Where the State relies exclusively upon circumstantial evidence in a criminal case, motion for directed verdict must be determined in light of whether the evidence constitutes positive proof of facts and circumstances which reasonably tends to prove the guilt of the accused, or from which guilt may be fairly and logically deduced, to the exclusion of any other reasonable hypothesis. The evidence must be viewed most favorably to the State. State v. Hudson, 284 S.E.2d 773 (S.C.1981).

In directing a verdict, the trial judge in effect tells the jury, "You must believe certain evidence because there is no reason to discredit it (i.e., no evidence to the contrary)." Here it was for the jury to determine whether testimony of Mrs. Stewart or of the witnesses who testified to the contrary was true. While the jury might have believed her testimony, they were not required as a matter of law to do so. We find no error by the trial judge in denying defendant's motions for directed verdict and for judgment n.o.v.

Defendant next asserts that happenings at trial served to render it inherently unfair. Among these were an overcrowded courtroom with outbursts from spectators and an improper gesture from a spectator to the jury.

The record shows that spectators filled the courtroom seats to capacity and even stood against the walls. While the fact that spectators were allowed to overflow the seating capacity and stand in the courtroom would not normally be grounds for a new trial, it is the better practice to limit the audience to those who can be seated. An overcrowded courtroom tends to create an improper atmosphere and is not conducive to calm deliberations by the jury. The trial judge insisted more than once that spectators refrain from sitting on the row next to the jury box. After several outbursts of laughter from the spectators, the trial judge issued the following admonition:

... Now, this is not a show, it's not a public spectacle and any outbursts of laughter or exclamation of any kind from anyone who is in the courtroom observing these proceedings is completely and absolutely out of order and we should not have it and I cannot permit it. So, please, regardless of what's being asked or regardless of what's being answered do not make any outbursts of laughter. Nobody is trying to be funny in this situation.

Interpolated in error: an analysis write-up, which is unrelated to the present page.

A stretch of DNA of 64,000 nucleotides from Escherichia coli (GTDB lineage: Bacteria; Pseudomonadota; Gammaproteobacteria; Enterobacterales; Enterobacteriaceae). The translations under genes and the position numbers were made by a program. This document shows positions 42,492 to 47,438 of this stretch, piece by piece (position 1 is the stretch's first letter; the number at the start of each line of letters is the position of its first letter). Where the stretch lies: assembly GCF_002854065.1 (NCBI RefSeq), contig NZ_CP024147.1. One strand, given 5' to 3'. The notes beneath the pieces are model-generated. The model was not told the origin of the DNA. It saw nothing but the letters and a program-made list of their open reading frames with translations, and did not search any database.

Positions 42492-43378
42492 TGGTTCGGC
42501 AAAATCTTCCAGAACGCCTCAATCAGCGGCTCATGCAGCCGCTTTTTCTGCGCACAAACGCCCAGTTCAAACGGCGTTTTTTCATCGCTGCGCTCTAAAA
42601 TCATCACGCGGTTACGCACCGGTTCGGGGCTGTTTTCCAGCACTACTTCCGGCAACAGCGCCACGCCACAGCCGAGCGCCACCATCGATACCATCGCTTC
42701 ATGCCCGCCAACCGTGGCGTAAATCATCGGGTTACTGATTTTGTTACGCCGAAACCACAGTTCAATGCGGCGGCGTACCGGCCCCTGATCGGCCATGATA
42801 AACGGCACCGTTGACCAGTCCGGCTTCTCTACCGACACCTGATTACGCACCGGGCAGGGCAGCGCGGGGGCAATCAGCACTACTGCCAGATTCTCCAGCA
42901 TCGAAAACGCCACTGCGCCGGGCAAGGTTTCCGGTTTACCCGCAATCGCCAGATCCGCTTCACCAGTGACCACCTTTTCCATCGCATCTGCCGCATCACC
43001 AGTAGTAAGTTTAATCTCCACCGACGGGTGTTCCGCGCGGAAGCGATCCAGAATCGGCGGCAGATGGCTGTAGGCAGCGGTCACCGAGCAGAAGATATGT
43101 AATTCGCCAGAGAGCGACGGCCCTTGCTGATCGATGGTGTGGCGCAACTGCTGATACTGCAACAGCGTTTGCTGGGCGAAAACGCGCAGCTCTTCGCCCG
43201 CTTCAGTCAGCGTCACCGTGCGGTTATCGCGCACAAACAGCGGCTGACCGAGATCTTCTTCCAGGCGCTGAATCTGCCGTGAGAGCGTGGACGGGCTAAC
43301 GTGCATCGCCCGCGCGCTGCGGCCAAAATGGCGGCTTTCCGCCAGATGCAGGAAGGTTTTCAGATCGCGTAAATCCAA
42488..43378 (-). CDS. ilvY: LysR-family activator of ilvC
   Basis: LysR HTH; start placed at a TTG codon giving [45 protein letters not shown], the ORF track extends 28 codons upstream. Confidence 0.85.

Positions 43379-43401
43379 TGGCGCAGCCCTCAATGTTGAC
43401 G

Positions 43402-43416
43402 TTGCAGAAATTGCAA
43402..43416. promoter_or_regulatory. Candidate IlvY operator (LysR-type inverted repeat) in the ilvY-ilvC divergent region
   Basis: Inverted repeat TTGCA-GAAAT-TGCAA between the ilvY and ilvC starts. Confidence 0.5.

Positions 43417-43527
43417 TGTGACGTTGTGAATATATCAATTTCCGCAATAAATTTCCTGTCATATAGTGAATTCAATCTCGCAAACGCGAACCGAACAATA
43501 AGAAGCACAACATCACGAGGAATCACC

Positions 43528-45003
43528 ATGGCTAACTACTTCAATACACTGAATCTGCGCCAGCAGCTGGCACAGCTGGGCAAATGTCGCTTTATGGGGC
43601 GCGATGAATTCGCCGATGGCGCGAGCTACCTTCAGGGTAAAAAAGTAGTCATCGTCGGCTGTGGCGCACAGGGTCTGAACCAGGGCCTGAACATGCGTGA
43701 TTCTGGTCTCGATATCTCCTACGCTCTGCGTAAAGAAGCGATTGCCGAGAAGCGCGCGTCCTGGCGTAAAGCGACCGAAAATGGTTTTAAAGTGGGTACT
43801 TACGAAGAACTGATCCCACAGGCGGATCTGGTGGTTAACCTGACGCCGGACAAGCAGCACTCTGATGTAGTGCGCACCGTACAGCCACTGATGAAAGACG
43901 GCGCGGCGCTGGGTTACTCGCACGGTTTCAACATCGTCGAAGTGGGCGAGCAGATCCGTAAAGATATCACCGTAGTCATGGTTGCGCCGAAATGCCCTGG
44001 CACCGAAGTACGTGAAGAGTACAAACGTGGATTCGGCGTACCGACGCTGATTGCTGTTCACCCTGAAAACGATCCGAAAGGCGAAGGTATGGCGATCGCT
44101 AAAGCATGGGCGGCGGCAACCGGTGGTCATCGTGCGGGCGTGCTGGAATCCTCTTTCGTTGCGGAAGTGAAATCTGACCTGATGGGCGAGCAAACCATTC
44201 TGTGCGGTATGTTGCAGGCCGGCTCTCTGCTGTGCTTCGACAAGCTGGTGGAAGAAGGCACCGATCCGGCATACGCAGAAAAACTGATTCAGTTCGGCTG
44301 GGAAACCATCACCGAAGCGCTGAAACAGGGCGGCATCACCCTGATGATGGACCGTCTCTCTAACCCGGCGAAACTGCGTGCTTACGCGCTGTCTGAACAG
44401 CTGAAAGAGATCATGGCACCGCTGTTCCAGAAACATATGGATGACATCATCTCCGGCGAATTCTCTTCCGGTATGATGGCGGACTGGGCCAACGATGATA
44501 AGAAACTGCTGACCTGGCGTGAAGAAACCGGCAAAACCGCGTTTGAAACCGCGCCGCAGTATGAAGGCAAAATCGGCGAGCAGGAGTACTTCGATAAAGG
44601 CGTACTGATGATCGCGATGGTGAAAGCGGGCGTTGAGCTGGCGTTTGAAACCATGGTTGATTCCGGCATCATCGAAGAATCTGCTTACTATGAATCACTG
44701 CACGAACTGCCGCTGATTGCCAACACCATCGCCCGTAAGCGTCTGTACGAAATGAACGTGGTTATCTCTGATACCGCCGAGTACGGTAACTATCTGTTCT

This is a most serious situation and the charges against the defendant and the defendant's rights are to be respected by you as well as by everybody else. So we cannot have that anymore. Do not do that.

During a recess in the trial, the forelady of the jury reported to the trial judge that one spectator continually glared at the jury with "obvious disgust" and that the same person had earlier made several opinionated remarks overheard by some jurors prior to being sworn. That person had left the courtroom when the complaint was made. Based upon this report, counsel for the defense moved for a mistrial, arguing, "... that the jury has been duly--and unduly prejudiced and that we cannot receive a fair trial." The seriousness of the problem is indicated by the statement of the judge in overruling the motion:

All right. Well, of course, what I think was said to me this morning by the Sled Agent was that the foreman did not want to make any particular personal charge out of the matter against the spectator, whoever the spectator might have been. Let me say this to start off with, directing my attention to your motion for a mistrial, I have to overrule that. But I think it is a matter that should be taken up, and I think it's a matter of considerable seriousness because this, this is a serious matter, and I talked to the spectators in the courtroom along those lines yesterday after several outbursts of laughter which I did not approve of and I do not approve of under any circumstances. The Foreman--the Forelady--did say that prior to the jury being chosen it was someone who was a spectator who stated in a voice that could be overheard by many of the prospective jurors before they were chosen an opinion concerning the guilt or innocence of the defendant. I have told the jury to disregard that and I think they understand that they, that has absolutely no bearing on anything that they do in this trial....

And it would be well if the spectators would understand that they are not to interfere with the jury by glaring at the jury, glances or faces or anything else. I--I don't know what it was, but I don't want to have to undertake to, to discipline any spectator in a matter of this serious nature, because it is disruptive to the procedure. So I would suggest to the spectators that ...

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    ...epithets and interspersed her testimony with impassioned statements evidencing her hostility toward defendant. In State v. Stewart (1982) 278 S.C. 296, 295 S.E.2d 627, 629-631, certiorari denied 459 U.S. 828, 103 S.Ct. 64, 74 L.Ed.2d 65, the trial court failed to explore the prejudice which......